ANNOUNCEMENT 21 Mar 2019
In March 2019, the European Union issued a regulation establishing a framework for screening direct foreign investments. The framework introduced a cooperation mechanism between Member States and the Commission as well as encouraging international cooperation. Additionally, the framework introduced notification and reporting requirements on Member States concerning foreign investments in the country and related decisions.
NUMBER OF INTERVENTIONS
Official Journal of the European Union, Regulation (EU) (EU) 2019/452 OF THE EUROPEAN PARLIAMENT AND OF THE COUNCIL of 19 March 2019, published in the Official Journal of the European Union on 21 March 2019: https://eur-lex.europa.eu/legal-content/EN/TXT/?uri=uriserv:OJ.LI.2019.079.01.0001.01.ENG&WT.mc_id=Twitter&hootPostID=4e7c0c587f9916ed4aff042607234f4c
European Commission, Press release of 5 March 2019, Foreign Investment Screening: new European framework to enter into force in April 2019: http://europa.eu/rapid/press-release_IP-19-1532_en.htm
Update September 2020
Official Journal of the European Union, Commission Delegated Regulation (EU) 2020/1298 of 13 July 2020 amending the Annex to Regulation (EU) 2019/452 of the European Parliament and of the Council establishing a framework for the screening of foreign direct investments into the Union. Available at: https://eur-lex.europa.eu/legal-content/EN/TXT/?uri=celex%3A32020R1298
Update December 2021
Official Journal of the European Union, Commission Delegated Regulation (EU) 2021/2126 of 29 September 2021 amending the Annex to Regulation (EU) 2019/452 of the European Parliament and of the Council establishing a framework for the screening of foreign direct investments into the Union
C/2021/6924. Available at: https://eur-lex.europa.eu/legal-content/EN/TXT/?uri=celex%3A32021R2126#ntr1-L_2021432EN.01000101-E0001
On 21 March 2019, the European Union issued Regulation (EU) 2019/452 establishing a framework for screening direct foreign investments. The framework overall consist of five elements.
Firstly, the framework will introduce a cooperation mechanism facilitating information opinion exchange between Member States and the EU Commission.
Secondly, the framework intends to encourage international cooperation concerning investment screening including best practice, areas of common concern and general knowledge sharing.
Thirdly, the EU Commission will be able, under the new regulation, to issue opinion statements on individual investments which may pose a threat to security or public order of several Member states "or when an investment could undermine a project or programme of interest to the whole EU, such as Horizon 2020 or Galileo".
Fourthly, under the regulation, Member States are required to notify the Commission of the introduction of or the amendment to the national screening regime including the approval (with or without conditions) and prohibition of foreign investments. In this context, Member States are required to notify "decisions regarding foreign direct investments likely to affect projects or programmes of Union interest".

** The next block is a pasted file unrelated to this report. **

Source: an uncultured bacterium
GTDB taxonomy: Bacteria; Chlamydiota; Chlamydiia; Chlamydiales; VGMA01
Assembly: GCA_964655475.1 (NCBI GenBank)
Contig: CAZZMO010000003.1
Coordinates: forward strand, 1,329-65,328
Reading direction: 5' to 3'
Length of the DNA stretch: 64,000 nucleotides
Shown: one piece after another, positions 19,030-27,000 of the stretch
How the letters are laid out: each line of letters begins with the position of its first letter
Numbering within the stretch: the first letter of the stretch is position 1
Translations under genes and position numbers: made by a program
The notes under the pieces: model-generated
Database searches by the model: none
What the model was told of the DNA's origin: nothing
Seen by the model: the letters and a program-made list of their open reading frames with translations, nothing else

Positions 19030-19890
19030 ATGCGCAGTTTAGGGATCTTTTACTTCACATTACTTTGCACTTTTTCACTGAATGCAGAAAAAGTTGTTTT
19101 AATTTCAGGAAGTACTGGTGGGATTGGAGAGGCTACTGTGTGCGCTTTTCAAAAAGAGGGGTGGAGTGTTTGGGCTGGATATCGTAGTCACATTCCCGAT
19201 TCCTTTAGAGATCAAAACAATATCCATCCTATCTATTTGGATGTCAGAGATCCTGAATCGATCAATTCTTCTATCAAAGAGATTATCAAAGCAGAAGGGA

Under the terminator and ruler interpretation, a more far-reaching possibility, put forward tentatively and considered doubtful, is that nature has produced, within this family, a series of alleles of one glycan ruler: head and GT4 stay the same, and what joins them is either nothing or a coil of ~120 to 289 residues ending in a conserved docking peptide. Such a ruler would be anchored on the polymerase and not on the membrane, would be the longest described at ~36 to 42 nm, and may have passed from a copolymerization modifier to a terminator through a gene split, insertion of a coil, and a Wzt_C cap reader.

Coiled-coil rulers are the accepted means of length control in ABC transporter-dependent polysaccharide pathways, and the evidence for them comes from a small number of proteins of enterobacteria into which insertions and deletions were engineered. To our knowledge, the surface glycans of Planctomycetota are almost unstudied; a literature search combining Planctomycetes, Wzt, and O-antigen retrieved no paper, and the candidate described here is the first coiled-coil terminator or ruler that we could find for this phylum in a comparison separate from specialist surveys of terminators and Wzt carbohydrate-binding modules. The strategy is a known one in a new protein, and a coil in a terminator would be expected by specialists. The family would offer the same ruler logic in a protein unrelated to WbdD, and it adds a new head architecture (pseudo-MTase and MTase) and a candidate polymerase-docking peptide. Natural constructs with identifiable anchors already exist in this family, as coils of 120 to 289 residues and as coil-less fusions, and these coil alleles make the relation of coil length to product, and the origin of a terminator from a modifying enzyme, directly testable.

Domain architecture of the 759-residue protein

Fifthly, Member States are required to submit a report on foreign direct investments that have taken place in their territories.
In this context, the Regulation stipulated that: "It is appropriate to lay down the essential elements of the framework for the screening of foreign direct investments by a Member State to allow investors, the Commission and other Member States to understand how such investments are likely to be screened. Those elements should at least include timeframes for the screening and the possibility for foreign investors to seek recourse against screening decisions. Rules and procedures relating to screening mechanisms should be transparent and should not discriminate between third countries."
In determining foreign investment which may affect public order or security, the Commission stipulated that it should be possible to "consider all relevant factors" including "effects on critical infrastructure, technologies (including key enabling technologies) and inputs which are essential for security or the maintenance of public order, the disruption, failure, loss or destruction of which would have a significant impact in a Member State or in the Union." Additionally, the regulation highlights that this might also be taking into account whether the foreign investment is made by an entity which is in owned (directly or indirectly) by a third country government including "State-led outward projects or programmes". Whilst the regulation does not exemplify such programmes, these could technically be programmes promoting SOEs foreign investments in infrastructure abroad, e.g. see related state act.
In this context, President Jean-Claude Juncker stated in a press release: "Today's decision is a proof the EU is able to act quickly when strategic interests of our citizens and economy are at stake. With the new investment screening framework, we are now much better equipped to ensure that investments coming from countries outside the EU actually benefit our interests. I committed to work for a Europe that protects, in trade as in other areas; with this new legislation in place we are delivering on a crucial part of our promise."
The regulation entered into force 20 days following the date of publication, i.e. on 10 April 2019. However, the Regulation will apply from 11 October 2020.
On 18 September 2020, the EU adopted Commission Delegated Regulation (EU) 2020/1298 that provides further specifications with regards to the EU programmes which are critical to the Union and should be covered by the aforementioned scheme.
On 3 December 2021, the EU adopted Commission Delegated Regulation (EU) 2021/2126 updating the list of EU programmes that are critical to the Union and should be covered by the aforementioned scheme.